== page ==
An obvious example of poor placement is developing a ski resort in Houston, TX. It is also important to look at the transportation that could be necessary to reach its customers and the geographical barriers that might exist (Kyle, 2001). Finally promotions explanation would be, “what is the method in which the customer will gain knowledge about the product and be persuaded to purchase it (Logman)? ” There are many different types of promotional activities that can be used to help gain knowledge, exposure, and desire to purchase (Logman).
A few of those activities would be personal propaganda: creating and distributing your own brochures, newsletters, fliers, posters, coupons, sponsorships, and the list could go on and on (Logman). When planning these different activities, it is very important to estimate what they will cost and factor that into the organization’s operating budget. Customer loyalty is one of the most powerful weapons an organization has in its strategic arsenal (American Marketing Association, 2003). However, most companies do not fully understand the value of customer loyalty or realize its potential for enhancing customer relationships (BusinessTown. om, 2003). So how does all of this affect the end customer? A recent trend focused the marketing mix directly on the customer. Instead of the 4 “P’s”, there is the 4 “C’s. ” These 4″C”‘s customer value, cost to customer, convenience to the buyer and communication (American Marketing Association). Customer value is how much the customer values the product; cost to the customer includes customer’s time and energy, along with the price of the product; convenience for the buyer is similar to place explained earlier in the paper; and communication which is similar to promotion, also explained earlier in the paper (American Marketing Association).
Organizations must also realize the importance of using marketing strategies. Some marketing strategies have both long and short term benefits. Short-term strategies create immediate revenue (Kyle, 2001). Sales and accounting people often prefer these to long-term approaches because the results are direct and quantifiable (Kyle). The disadvantage of relying strictly on short-term approaches is the effect is temporary and they tend to be limited-time techniques that do not work well over time (Kyle). Long-term strategies build brand and company awareness, and give sales revenue a gradual, permanent boost (Kyle).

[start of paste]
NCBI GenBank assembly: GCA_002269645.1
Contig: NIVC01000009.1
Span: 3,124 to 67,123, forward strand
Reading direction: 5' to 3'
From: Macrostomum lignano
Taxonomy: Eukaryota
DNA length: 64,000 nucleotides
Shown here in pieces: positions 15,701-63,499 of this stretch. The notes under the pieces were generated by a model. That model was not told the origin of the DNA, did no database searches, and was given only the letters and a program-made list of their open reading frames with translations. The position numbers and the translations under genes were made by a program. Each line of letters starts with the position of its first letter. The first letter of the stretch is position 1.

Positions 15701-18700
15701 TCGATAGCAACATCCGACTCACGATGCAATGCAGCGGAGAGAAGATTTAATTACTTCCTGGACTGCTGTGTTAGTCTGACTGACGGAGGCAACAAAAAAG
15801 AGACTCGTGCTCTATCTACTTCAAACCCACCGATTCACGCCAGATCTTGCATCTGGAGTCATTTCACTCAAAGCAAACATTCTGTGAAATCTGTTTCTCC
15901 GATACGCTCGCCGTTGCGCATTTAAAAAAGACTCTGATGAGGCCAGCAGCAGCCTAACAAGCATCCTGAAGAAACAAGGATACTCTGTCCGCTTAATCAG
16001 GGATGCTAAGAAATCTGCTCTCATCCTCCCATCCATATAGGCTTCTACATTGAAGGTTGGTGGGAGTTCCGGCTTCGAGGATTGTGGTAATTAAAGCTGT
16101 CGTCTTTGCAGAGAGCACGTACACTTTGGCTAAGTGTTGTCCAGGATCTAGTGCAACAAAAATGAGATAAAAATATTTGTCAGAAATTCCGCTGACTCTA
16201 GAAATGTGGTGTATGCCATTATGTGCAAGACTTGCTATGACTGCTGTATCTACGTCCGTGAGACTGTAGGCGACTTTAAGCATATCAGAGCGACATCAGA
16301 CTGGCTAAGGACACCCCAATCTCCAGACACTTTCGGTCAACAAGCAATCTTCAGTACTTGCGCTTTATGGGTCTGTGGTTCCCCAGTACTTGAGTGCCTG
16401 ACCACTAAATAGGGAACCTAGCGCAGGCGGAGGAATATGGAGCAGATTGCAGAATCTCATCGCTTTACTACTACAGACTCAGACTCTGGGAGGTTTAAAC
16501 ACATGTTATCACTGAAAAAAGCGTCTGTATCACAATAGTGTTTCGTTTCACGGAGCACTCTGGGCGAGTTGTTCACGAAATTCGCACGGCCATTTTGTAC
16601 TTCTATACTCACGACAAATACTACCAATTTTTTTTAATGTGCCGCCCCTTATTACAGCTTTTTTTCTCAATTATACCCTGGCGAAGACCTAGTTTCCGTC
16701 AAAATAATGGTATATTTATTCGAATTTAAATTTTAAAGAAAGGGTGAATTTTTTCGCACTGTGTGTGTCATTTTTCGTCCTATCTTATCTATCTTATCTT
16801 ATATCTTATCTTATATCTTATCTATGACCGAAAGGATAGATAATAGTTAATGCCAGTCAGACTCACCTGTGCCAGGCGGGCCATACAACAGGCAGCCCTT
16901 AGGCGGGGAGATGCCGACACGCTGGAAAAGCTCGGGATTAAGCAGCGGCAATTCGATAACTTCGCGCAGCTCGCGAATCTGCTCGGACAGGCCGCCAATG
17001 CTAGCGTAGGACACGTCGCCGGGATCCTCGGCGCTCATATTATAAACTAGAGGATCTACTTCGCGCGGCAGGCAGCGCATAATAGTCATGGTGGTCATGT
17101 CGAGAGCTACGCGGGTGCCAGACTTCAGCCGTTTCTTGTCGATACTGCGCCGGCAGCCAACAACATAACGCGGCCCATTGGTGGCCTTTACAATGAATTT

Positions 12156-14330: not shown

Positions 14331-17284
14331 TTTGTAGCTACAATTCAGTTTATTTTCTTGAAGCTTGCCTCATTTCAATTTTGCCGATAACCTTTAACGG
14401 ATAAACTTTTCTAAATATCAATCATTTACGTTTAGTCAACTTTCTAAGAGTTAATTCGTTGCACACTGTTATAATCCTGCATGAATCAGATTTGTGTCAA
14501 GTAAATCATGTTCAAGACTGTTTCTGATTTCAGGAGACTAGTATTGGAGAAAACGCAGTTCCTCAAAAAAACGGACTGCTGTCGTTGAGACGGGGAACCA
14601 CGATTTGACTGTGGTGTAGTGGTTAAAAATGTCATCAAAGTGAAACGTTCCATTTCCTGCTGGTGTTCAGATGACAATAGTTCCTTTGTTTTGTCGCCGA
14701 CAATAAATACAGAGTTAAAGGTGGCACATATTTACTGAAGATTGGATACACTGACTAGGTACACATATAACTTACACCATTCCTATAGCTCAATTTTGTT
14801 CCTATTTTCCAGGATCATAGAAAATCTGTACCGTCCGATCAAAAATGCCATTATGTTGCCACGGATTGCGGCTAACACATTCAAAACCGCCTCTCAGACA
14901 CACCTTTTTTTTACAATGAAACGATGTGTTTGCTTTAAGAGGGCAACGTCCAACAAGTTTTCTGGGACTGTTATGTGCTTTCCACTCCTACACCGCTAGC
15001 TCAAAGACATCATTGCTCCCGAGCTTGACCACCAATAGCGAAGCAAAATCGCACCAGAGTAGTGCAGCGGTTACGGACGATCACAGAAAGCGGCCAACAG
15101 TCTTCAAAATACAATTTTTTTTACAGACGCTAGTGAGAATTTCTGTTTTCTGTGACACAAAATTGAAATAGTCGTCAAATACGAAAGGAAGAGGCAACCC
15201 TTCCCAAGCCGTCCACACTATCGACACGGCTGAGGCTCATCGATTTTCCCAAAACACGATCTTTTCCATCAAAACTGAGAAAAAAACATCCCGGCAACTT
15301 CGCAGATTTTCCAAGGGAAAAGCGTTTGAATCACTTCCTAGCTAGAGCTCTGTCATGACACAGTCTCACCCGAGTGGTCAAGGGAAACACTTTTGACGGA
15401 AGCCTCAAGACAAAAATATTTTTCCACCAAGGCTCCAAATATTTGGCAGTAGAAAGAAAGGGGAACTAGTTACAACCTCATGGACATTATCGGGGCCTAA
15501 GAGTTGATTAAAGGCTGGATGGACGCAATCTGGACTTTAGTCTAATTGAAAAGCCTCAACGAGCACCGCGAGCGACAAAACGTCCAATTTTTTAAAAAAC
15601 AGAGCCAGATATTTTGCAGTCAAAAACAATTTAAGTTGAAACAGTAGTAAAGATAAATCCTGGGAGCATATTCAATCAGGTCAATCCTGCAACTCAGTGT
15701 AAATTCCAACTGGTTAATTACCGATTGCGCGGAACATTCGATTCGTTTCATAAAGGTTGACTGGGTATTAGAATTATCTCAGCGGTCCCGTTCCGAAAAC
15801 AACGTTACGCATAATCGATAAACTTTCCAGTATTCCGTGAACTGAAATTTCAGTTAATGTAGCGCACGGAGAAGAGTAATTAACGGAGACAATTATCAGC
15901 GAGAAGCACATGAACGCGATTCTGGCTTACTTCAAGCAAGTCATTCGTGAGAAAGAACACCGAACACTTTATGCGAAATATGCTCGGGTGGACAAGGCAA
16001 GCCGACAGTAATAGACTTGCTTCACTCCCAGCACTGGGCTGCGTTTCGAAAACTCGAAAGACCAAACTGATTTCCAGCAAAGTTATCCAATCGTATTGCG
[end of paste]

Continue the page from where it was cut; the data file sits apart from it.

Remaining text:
Some of the benefits are indirect and cannot always be directly associated with profit and for this reason, long-term strategies can be difficult to execute when the focus is short-term (Kyle). References American Marketing Association (2003). Managing Customer Loyalty. Retrieved October 3, 2009, from http://www. marketingpower. com/Calendar/Pages/2010%20TS%20ManagingCustomerLoyaltyPhiladelphia,PA. aspx Bayne, K. , & Hardin, T. (2002). Marketing trends and targets (Doctoral dissertation, Michigan State University, 2002). Retrieved from https://www. su. edu/course/prr/47/oldstuff/Marketing. htm BusinessTown. com (2003). Strategize for Customer Loyalty. Retrieved October 3, 2009, from http://www. businesstown. com/marketing/customer. asp Kyle, B. (2001). 7 Ways to Improve Profit Through Both Long- and Short-Term Strategies. Retrieved October 4, 2009, from http://www. websitemarketingplan. com/small_business/marketingmix. htm Logman, M. (1997). Marketing mix customization and customizability. Business Horizons. Retrieved from http://findarticles. com/p/articles/mi_m1038/is_n6_v40/ai_20149728/